(Reuters Health) – A wearable computerized vision device may reduce collisions among blind and visually impaired people who use a long cane and/or guide dog, a new study suggests.
In a monthlong trial involving 31 adults with severe visual impairment, the electronic collision-avoidance device reduced contacts with hazards by 37%, according to the report in JAMA Ophthalmology.
“The study shows that the wearable collision warning device helped individuals with severe vision impairments or those who are blind in avoiding contacts with obstacles while walking,” said the study’s lead author, Shrinivas Pundlik, an instructor of ophthalmology at the Harvard Medical School and an investigator at the Schepens Eye Research Institute of Mass Eye and Ear in Boston. “More importantly, the trial was done in naturalistic settings, which is somewhat rare in the context of evaluating vision/mobility aids,” he noted.
“Blind individuals typically rely on a long cane or on guide dogs for mobility,” Pundlik said in an email. “However, there might be certain hazards in everyday situations, such as overhanging objects or dynamic obstacles like pedestrians, that may be missed by the habitual mobility aids. The device is designed to work with the users’ habitual mobility aids and therefore can act as an additional alerting method to hazards that may be missed by a long cane.”
The device used in the experiment consists of a processor and recorder carried in a sling backpack, a wide-angle camera mounted at chest level on the backpack’s strap and two Bluetooth-connected wristbands worn by the user. The processing unit analyzes images from the camera and determines collision risk based on the relative movement of incoming and surrounding objects in the camera’s field of view.
If an imminent collision is detected on the left or right side, the corresponding wristband vibrates; a head-on collision causes both wristbands to vibrate. Unlike other devices that simply warn of nearby objects whether or not a user is moving toward the objects, this device analyzes relative motion, warning only of approaching obstacles that pose a collision risk, and ignoring objects not on a collision course.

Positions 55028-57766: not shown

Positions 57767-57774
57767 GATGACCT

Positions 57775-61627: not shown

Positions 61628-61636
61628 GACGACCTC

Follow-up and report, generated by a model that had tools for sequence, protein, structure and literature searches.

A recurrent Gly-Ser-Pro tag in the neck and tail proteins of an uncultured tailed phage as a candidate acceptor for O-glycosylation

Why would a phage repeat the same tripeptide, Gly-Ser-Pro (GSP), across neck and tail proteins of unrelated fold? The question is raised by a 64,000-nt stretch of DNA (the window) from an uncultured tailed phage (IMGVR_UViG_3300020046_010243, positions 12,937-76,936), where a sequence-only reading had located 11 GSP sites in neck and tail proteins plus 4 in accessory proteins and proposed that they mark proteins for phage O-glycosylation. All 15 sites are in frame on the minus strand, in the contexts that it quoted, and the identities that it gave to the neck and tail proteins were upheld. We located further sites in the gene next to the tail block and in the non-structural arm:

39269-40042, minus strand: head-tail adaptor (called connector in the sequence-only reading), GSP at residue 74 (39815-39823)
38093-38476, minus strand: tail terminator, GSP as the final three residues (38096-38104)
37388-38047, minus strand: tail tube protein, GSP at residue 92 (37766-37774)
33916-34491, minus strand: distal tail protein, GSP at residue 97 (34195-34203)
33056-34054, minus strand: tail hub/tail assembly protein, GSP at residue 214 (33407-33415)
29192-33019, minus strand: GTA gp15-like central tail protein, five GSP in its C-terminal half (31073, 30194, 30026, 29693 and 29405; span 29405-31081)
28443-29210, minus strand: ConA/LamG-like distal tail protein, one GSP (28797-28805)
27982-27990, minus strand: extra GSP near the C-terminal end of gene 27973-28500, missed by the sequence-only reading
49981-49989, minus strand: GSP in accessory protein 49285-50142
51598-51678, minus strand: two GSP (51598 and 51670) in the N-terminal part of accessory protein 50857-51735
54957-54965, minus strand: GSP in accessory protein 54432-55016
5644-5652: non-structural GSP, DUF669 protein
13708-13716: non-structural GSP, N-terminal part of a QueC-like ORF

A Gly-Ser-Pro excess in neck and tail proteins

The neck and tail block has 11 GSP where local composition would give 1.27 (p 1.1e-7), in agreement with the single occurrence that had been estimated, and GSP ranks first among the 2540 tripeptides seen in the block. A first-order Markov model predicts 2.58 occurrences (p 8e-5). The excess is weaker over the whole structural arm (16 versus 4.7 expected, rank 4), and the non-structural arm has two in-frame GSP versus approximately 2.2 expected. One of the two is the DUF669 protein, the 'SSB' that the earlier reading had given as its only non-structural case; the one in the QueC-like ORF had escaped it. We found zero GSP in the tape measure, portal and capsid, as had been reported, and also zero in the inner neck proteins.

Study participants were aged 18 or older and had visual acuity worse than 20/200 OU or restricted visual field (tunnel vision less than 40 degrees diameter remaining field) and were independently mobile using a mobility aid without a sighted guide.
After being trained to use the device, the study participants used it for about a month at home in conjunction with their typical mobility aids. In the double-masked randomized trial, the intervention condition with the device activated to give warnings and the control condition with the device monitoring hazards but in silent mode were alternated randomly.
The effectiveness of the device was evaluated by comparing collision incidents that occurred during active and silent modes.
Pundlik and another study author disclosed that they are listed as inventors on a patent related to the device used in the study, and the work was supported by the U.S. Army Medical Research and Materiel Command.
“The study is a great proof of concept,” said Dr. Gareth Lema, a retinal surgeon at the New York Eye and Ear Infirmary at Mount Sinai and site director for quality, safety, and patient experience for the department of ophthalmology at Mount Sinai Hospital in New York City. “It seems to be the first of its kind done in a real-world situation. It was conducted among participants in their daily environments.”
“In terms of a proof of concept, it’s an incredible success,” said Dr. Lema, who wasn’t involved in the research. “Is it the last word on wearable devices, probably not. But wearable devices like this will only improve as they are able to be evaluated in real-world situations.”
“I can see a day when someone has a camera mounted on sunglasses,” Dr. Lema said. “The promise of this study is excellent. The most important thing is what it indicates for the future of our patients with visual disabilities and their ability to navigate independently.”
SOURCE: https://bit.ly/3zyWVfD and https://bit.ly/3rI7uud JAMA Ophthalmology, online July 22, 2021.
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